There’s growing corporate sponsorship in the world of rodeo — but not the typical rodeo most Americans envision. No, these rodeos are just a bit different.
Ahh, rodea, the heritage of the great American West: livestock, cowboys, patriotism and ... drag queens?
“Why are you shocked?” asked Denver-based businessman John Beck. “We all have to work together, we have to live on this earth together, right?”
For Beck, gay rodeo isn’t simply a hobby. It’s part of daily life.
“On average, there are 23 rodeos on the circuit,” he said. ”“In the last few years, I’ve done 15 to 18 of them.”
Beck was among the competitors vying for cash prizes at the 17th annual International Gay Rodeo Association U.S. finals recently held here in Tulsa.
At a gay rodeo, you’ll find everything from bronc riding and calf roping to steer riding and goat dressing. And you’ll find some things you won’t see at other rodeos.
“The demographics of the folks who come here is really across the gamut,” said Tom Sheridan, whose day job is with Ford Credit in Nashville, Tenn.
“From those born and raised with livestock — pure country — to people looking for camraderie, friends,” he said. “It’s a great environment to do that. Folks are easy to be with, friendly.”
Corporate America is growing increasingly friendly as well. The spirits industry is here, as are automakers and automakers, some of whom sponsor their own employees.
By far, though, the biggest presence at gay rodeos is brewer Anheuser-Busch and its Bud-Lite brand. Anheuser pays a reported $6,500 per rodeo for official sponsor status.
We don’t know why, but Anheuser executives refused CNBC’s repeated requests to speak about the company’s involvment with gay rodeo.
But American Airlines did talk. American is the official air carrier for the rodeo.
“Lots of research has shown that gay, lesbian, bi- and transgender customers do have expendable income,” said Robbin Burr, national sales manager with the airline. “They like to travel, and in premium class. So it’s a good market for American Airlines.”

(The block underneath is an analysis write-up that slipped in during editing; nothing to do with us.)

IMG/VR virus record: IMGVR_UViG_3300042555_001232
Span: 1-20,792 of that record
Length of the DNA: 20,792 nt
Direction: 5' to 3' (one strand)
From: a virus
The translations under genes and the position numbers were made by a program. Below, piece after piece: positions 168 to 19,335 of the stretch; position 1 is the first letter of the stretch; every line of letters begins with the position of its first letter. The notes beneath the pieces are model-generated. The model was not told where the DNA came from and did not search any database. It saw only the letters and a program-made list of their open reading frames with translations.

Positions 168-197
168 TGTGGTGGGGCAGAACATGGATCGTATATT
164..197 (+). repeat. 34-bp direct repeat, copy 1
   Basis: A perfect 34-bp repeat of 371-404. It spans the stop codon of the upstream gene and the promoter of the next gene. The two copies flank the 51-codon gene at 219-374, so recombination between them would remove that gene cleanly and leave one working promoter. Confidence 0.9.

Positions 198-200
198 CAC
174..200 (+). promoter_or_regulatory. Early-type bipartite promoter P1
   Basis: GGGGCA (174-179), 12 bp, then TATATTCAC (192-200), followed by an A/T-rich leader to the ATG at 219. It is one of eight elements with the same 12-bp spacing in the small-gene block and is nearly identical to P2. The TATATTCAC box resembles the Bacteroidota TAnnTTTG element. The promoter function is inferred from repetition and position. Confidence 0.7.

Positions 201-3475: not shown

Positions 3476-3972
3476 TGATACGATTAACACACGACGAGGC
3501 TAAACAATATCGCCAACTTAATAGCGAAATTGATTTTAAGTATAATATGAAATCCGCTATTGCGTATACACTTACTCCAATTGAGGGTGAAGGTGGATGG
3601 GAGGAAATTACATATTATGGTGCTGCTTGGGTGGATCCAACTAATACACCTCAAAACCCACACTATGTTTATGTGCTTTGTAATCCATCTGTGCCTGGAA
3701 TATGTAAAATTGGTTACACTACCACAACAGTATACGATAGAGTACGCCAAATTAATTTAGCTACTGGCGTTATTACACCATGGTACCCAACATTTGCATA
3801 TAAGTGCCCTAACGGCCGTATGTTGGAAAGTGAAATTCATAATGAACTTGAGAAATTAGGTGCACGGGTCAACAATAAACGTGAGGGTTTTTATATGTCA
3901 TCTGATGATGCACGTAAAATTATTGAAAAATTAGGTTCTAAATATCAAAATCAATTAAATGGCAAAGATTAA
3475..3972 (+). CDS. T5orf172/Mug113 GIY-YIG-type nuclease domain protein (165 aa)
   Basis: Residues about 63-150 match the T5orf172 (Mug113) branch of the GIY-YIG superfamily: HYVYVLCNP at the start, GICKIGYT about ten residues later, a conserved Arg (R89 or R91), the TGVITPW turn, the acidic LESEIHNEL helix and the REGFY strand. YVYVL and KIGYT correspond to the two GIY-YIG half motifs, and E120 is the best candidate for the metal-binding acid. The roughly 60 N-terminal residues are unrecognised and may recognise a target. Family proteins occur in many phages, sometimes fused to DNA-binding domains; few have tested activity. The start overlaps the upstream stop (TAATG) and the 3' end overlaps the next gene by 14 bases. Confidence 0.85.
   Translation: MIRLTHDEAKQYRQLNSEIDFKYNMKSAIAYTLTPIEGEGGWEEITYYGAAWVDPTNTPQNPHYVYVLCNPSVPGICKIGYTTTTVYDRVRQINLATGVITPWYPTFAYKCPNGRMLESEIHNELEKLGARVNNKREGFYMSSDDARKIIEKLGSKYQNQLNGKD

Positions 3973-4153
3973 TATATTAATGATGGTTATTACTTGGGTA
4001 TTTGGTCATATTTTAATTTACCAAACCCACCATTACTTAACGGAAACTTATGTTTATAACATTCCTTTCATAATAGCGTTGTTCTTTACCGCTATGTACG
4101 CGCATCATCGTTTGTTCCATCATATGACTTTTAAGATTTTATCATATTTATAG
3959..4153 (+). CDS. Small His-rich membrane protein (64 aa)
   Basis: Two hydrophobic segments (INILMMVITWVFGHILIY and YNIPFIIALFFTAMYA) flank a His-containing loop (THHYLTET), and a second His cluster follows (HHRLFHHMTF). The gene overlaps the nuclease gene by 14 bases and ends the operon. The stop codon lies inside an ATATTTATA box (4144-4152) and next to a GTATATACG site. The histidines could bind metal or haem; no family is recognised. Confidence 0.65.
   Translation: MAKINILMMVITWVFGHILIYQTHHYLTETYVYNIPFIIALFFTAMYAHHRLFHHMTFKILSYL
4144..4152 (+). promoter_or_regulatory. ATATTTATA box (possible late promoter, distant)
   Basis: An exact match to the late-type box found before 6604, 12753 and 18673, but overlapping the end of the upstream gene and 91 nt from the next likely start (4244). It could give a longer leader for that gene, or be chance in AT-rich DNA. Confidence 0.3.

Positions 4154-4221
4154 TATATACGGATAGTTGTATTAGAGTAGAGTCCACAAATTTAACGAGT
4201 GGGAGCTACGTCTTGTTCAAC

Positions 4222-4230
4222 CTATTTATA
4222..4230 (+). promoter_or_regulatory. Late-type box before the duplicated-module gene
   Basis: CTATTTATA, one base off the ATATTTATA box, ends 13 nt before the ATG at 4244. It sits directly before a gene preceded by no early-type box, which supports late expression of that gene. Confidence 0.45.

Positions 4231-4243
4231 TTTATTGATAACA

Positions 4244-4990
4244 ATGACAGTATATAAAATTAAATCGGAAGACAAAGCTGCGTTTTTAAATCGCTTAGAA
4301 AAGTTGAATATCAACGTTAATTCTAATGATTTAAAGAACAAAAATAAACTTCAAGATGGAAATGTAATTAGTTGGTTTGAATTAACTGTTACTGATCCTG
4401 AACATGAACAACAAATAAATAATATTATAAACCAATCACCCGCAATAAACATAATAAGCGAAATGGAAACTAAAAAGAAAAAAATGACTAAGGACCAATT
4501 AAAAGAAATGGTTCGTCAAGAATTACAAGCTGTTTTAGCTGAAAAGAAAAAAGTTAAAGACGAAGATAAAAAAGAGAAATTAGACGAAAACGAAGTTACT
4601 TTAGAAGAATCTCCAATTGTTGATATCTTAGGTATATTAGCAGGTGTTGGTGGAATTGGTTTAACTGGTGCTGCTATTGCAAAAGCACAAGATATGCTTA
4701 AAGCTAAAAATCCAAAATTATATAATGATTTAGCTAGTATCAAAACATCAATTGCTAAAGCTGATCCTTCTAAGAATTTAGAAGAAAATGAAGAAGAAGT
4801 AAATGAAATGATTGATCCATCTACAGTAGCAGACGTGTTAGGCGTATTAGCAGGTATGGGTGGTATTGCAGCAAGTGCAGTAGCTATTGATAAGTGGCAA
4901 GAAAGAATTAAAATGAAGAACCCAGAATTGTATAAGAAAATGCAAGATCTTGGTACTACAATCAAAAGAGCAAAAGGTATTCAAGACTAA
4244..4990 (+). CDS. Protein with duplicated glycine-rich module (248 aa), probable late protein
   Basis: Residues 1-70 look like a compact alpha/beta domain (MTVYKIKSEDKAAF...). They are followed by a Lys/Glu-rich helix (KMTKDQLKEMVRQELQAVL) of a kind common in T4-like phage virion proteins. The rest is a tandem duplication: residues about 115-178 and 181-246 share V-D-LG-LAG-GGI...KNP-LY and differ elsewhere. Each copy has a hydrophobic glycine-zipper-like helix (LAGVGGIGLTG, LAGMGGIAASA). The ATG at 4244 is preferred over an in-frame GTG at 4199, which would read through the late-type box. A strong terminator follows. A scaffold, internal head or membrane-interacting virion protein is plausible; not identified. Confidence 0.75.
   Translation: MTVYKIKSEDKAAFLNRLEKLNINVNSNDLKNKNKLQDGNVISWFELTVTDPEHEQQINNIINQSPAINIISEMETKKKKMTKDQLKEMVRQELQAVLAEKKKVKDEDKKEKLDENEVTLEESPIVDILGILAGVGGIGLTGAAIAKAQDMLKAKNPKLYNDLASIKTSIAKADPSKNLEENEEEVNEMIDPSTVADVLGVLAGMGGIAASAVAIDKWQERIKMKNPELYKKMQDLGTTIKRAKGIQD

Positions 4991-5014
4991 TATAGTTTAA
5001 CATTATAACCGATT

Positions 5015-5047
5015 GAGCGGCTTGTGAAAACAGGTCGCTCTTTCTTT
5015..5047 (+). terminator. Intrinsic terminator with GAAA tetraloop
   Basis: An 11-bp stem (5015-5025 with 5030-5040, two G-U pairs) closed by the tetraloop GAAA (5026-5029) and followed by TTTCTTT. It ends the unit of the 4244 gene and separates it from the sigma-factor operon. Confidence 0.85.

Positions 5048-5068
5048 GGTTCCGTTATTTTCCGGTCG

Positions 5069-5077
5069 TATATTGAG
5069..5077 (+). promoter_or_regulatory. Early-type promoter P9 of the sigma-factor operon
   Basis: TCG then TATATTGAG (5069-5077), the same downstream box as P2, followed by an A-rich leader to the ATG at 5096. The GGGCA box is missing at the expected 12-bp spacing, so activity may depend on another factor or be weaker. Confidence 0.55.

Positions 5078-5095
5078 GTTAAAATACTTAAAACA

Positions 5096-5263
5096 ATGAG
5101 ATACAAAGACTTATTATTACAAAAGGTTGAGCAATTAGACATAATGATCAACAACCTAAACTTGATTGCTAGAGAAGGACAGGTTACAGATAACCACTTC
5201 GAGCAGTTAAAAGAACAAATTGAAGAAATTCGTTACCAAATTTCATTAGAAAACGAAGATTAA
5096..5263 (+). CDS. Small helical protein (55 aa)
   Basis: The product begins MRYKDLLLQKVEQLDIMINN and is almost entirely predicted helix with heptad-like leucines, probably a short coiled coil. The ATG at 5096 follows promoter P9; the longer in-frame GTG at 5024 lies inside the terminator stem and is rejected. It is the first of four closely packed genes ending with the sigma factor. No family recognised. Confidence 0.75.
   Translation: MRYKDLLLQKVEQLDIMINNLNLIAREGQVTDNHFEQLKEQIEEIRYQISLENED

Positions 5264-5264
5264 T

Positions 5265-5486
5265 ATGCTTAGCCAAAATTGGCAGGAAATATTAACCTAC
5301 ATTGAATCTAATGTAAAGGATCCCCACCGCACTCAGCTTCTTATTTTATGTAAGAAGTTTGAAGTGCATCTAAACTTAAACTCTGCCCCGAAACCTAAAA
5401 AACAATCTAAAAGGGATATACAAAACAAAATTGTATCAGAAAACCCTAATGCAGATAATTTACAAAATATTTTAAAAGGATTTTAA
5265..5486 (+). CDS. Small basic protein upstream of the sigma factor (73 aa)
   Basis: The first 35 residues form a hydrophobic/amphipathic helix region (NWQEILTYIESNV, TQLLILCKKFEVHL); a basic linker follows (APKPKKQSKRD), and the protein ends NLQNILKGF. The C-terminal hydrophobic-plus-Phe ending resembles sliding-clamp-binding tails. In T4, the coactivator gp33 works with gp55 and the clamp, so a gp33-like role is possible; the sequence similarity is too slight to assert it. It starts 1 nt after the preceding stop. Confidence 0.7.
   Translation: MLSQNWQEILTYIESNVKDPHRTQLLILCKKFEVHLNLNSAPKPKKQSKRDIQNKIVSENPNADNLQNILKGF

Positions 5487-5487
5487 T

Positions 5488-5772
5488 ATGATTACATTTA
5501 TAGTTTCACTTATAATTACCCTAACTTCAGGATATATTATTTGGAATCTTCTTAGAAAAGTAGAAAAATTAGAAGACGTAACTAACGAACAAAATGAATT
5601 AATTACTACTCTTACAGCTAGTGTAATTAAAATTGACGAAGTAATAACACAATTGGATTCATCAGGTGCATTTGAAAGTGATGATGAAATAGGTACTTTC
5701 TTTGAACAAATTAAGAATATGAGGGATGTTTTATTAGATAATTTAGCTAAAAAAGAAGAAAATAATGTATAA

If corporate America has discovered the economic clout of gay rodeo, it should come as no surprise. Though the demographics of gay peole here are decidedly mixed, one thing unites people. If you want to compete in gay rodeo, you’re going to spend some money.
“I would say on average most of the competitors probably spend upwards of $1,500 to $2,000,” said Sonny Koerner. “The number of events you do has a lot to do with it.”
Koerner, 36, visits 18 rodeos a year and won the Atlantic States Gay Rodeo Association’s Mr. ASGRA title in 2000. He participates in 8 of 13 events — from bull riding to steer riding. But so far he’s has escaped serious injury.
“Well, knock on wood,” he said. “I’ve had a few minor things here and there. And always a healthy respect for the animal.”
What does Koerner think of the big companies who are now buying their way into the non-profit gay rodeo circuit?
“I think it’s long overdue,” he said. “It shouldn’t be a surprise to anybody that the gay community has pretty decent expendable income, and they’re an active community into all sorts of things. What goes around comes around, and I think sponsors we’ve had in the past realize that.”
Besides travel and hotel and food, there are entry fees and training costs, equipment and insurance. Rodeo fans can also spend lots of money too — on everything from hats and shirts to wall hangings and furniture.
For entrants, the appeal is simple.
“For the sport of it,” said Beck. “I was born on a horse. I’ll probably die on one.”
The International Gay Rodeo Association is now the second largest producer of rodeo events in the world — some 28 states, in Canada and, soon, in Germany. By the way, the drag queen contingent is highly valued in rodeo. They’re known as “royalty.”
And they’re in charge of fundraising.